Sep 13, 2013 06:35 AM EDT
UK Graduates Lack Basic Job Skills, Survey
U.K. employers are unhappy with today's graduates!
Recruiters claim that fresh grads lack essential skills needed to sustain in a work place including team work, communication, punctuality and the ability to cope under stress. A survey conducted on company leaders found that just one in five firms think graduates are 'work ready.'
YouGov, an international internet-based market research firm in the U.K. surveyed 635 employers, out of which 419 were directly responsible for recruiting graduates.
Overall, 52 percent of employers stated that none or few graduates were work-ready when they joined; 17 percent claimed that none of them were prepared for the job and just 19 per cent of business leaders said that all or most graduates were work-ready.
The organization also found that just 17 percent of employers looked into graduates' university degree classification during their hiring process and only eight percent of recruiters focused on the university they attended.
The research was commissioned by The Times and The Sunday Times Good University Guide.
The findings reflect the current condition of higher education in the country where most of the colleges and universities are focused on ensuring students' course completion rather than equipping them with life skills.
Experts also questioned the worth of employability programs offered by many institutions intended to prepare students for jobs. Plus, they also shed light on the ever increasing tuition fee of such programs. Currently, the cost is estimated to be nearly $14,220 per year in England.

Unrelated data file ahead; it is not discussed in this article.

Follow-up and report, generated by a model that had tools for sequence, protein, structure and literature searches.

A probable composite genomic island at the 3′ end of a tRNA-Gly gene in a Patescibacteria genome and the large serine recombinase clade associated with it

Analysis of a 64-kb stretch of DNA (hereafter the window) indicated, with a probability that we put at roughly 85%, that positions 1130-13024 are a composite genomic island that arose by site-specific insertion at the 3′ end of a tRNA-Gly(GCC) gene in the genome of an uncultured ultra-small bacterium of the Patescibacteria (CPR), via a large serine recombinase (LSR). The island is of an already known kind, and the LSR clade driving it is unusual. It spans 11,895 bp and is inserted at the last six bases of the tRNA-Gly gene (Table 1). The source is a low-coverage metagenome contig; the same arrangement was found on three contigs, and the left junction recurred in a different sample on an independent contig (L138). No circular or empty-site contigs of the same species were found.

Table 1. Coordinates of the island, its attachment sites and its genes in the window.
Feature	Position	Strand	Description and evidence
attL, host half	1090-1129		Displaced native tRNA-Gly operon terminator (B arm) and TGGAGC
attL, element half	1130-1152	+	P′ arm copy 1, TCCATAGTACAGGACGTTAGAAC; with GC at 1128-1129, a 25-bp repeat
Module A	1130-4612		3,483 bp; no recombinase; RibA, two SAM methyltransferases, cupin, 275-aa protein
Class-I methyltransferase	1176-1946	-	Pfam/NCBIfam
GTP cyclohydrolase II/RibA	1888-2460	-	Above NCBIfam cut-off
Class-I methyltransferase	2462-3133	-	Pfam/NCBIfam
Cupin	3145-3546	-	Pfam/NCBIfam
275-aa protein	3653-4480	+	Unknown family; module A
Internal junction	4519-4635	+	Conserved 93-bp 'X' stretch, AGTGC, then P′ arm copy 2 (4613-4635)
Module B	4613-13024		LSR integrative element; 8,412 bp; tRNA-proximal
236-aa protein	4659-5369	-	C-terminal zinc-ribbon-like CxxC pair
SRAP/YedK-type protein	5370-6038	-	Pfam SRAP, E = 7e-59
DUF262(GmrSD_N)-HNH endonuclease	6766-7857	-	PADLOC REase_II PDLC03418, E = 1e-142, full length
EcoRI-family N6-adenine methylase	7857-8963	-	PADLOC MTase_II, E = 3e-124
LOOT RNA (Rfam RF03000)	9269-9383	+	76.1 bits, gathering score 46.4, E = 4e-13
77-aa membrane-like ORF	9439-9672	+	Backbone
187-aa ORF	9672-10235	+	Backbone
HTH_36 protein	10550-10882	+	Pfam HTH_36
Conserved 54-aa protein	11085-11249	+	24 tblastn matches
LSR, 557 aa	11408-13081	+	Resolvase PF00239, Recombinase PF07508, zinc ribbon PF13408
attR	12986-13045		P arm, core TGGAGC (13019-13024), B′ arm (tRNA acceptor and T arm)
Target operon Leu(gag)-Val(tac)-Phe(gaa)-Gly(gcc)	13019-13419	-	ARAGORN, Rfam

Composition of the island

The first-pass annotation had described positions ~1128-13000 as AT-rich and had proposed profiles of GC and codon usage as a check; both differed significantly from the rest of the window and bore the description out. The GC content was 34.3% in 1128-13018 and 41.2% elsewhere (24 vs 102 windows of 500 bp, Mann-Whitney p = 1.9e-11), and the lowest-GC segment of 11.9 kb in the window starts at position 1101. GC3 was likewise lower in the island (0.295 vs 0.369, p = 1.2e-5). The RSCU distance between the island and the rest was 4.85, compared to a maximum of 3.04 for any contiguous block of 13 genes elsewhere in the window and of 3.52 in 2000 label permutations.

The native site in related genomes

"University prospectuses are now full of programmes and initiatives promising to give students more than just a degree. They say they will equip students with the skills they need to make them more attractive to employers," said Alastair McCall, one of the guide's editors. "The YouGov survey findings suggest this is an investment that is sorely needed. With the typical degree now costing $42,661 in tuition fees alone, students have a right to be better prepared for the battleground that is the graduate jobs market.
"The survey also shows how crucial it is to make an informed choice of course and university when investing so much money in a degree."
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